3.3. Enhanced star formation rate and presence of tidal debris

The presence of stellar debris in the residual images of galaxies can be interpreted as an indication of recent galaxy-scale interactions. The detailed knowledge of the mass ratios, stellar population content, and the gas exchanged during these galaxy-scale interaction is crucial for our understanding of the formation and evolution of blue ETGs. We are interested in knowing the influence of recent interaction on the ongoing star formation in blue ETGs. We therefore investigated the SFR of the blue ETGs with and without stellar debris in the residual images. We performed a Kolmogorov-Smirnov (KS) test on the SFR of galaxies with and with out stellar debris in residual images and found that with a 95.73% probability, they are drawn from two different galaxy distributions. This clearly indicates that galaxies with stellar debris show a different trend in star formation rate from galaxies without detected features. The r-band absolute magnitude (based on SDSS petromag, which measures the total light of the galaxy) of blue ETGs is plotted against the SFR in Fig. 3. Blue ETGs with stellar debris identified in the residual analysis are shown in blue and those without detected features in red. We divided the galaxies into three bins of SFR: SFR< 1, 1 to 6, and >6 M/yr. Blue ETGs with SFR< 1 M/yr show no features that would be indicative of recent interaction (5 galaxies), whereas galaxies of SFR 1 to 6 M/yr are a mix of galaxies with (17 galaxies) and without (15 galaxies) tidal features. Finally, the >6 M/yr region is dominated (15/18) by galaxies with tidal interaction features. We note that there is a general trend for galaxies with higher luminosity to display interaction signatures and high SFR, as confirmed with a KS test. The high SFR are responsible for the higher luminosity of these galaxies, and based on the position of galaxies in the SFR plot, we argue that the recent interaction might have brought in the sufficient fuel (cold molecular hydrogen gas or molecular gas) for the observed intense SFR in an otherwise normal elliptical galaxy. The galaxies with high SFR might have acquired the gas very recently, where the intense ongoing star formation makes the galaxies both bluer and brighter. The SFR and the absolute magnitude will decrease and the colour will increase depending on the depletion of molecular gas (once acquired from interaction) and will decide the fate of the blue ETG.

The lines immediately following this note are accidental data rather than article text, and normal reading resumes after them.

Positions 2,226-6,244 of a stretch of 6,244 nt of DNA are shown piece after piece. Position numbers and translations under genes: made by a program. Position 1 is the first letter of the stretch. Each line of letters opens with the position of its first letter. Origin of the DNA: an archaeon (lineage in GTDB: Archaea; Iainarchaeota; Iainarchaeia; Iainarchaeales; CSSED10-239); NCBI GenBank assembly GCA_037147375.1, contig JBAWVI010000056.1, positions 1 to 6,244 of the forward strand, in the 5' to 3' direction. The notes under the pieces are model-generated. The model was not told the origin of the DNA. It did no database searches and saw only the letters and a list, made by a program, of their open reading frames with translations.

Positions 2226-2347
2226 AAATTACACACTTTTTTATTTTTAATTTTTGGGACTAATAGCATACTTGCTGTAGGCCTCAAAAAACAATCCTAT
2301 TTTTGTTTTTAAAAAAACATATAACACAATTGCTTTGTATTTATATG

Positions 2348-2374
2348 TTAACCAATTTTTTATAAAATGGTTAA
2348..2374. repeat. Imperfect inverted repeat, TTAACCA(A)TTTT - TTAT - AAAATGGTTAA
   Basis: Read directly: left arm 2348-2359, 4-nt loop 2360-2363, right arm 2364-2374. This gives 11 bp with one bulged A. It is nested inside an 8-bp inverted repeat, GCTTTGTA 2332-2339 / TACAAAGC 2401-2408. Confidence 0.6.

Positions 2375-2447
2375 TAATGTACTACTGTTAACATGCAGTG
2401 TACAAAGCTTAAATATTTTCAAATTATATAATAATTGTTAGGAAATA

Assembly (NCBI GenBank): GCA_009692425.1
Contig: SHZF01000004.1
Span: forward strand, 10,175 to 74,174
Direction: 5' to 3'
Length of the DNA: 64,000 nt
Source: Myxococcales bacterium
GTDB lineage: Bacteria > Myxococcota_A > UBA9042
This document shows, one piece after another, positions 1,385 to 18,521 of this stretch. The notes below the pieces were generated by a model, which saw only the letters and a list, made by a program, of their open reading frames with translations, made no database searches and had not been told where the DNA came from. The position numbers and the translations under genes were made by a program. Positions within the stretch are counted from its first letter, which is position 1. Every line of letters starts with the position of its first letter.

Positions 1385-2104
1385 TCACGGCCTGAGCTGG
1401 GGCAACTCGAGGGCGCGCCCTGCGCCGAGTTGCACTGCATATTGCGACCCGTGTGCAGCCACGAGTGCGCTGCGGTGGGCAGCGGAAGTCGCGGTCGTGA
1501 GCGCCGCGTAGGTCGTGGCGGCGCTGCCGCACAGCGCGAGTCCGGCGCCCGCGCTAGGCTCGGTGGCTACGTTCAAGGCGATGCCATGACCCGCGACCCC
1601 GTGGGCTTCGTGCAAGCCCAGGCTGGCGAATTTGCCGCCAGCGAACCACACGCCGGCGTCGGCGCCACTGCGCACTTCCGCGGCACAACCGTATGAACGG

thumbnail Fig. 3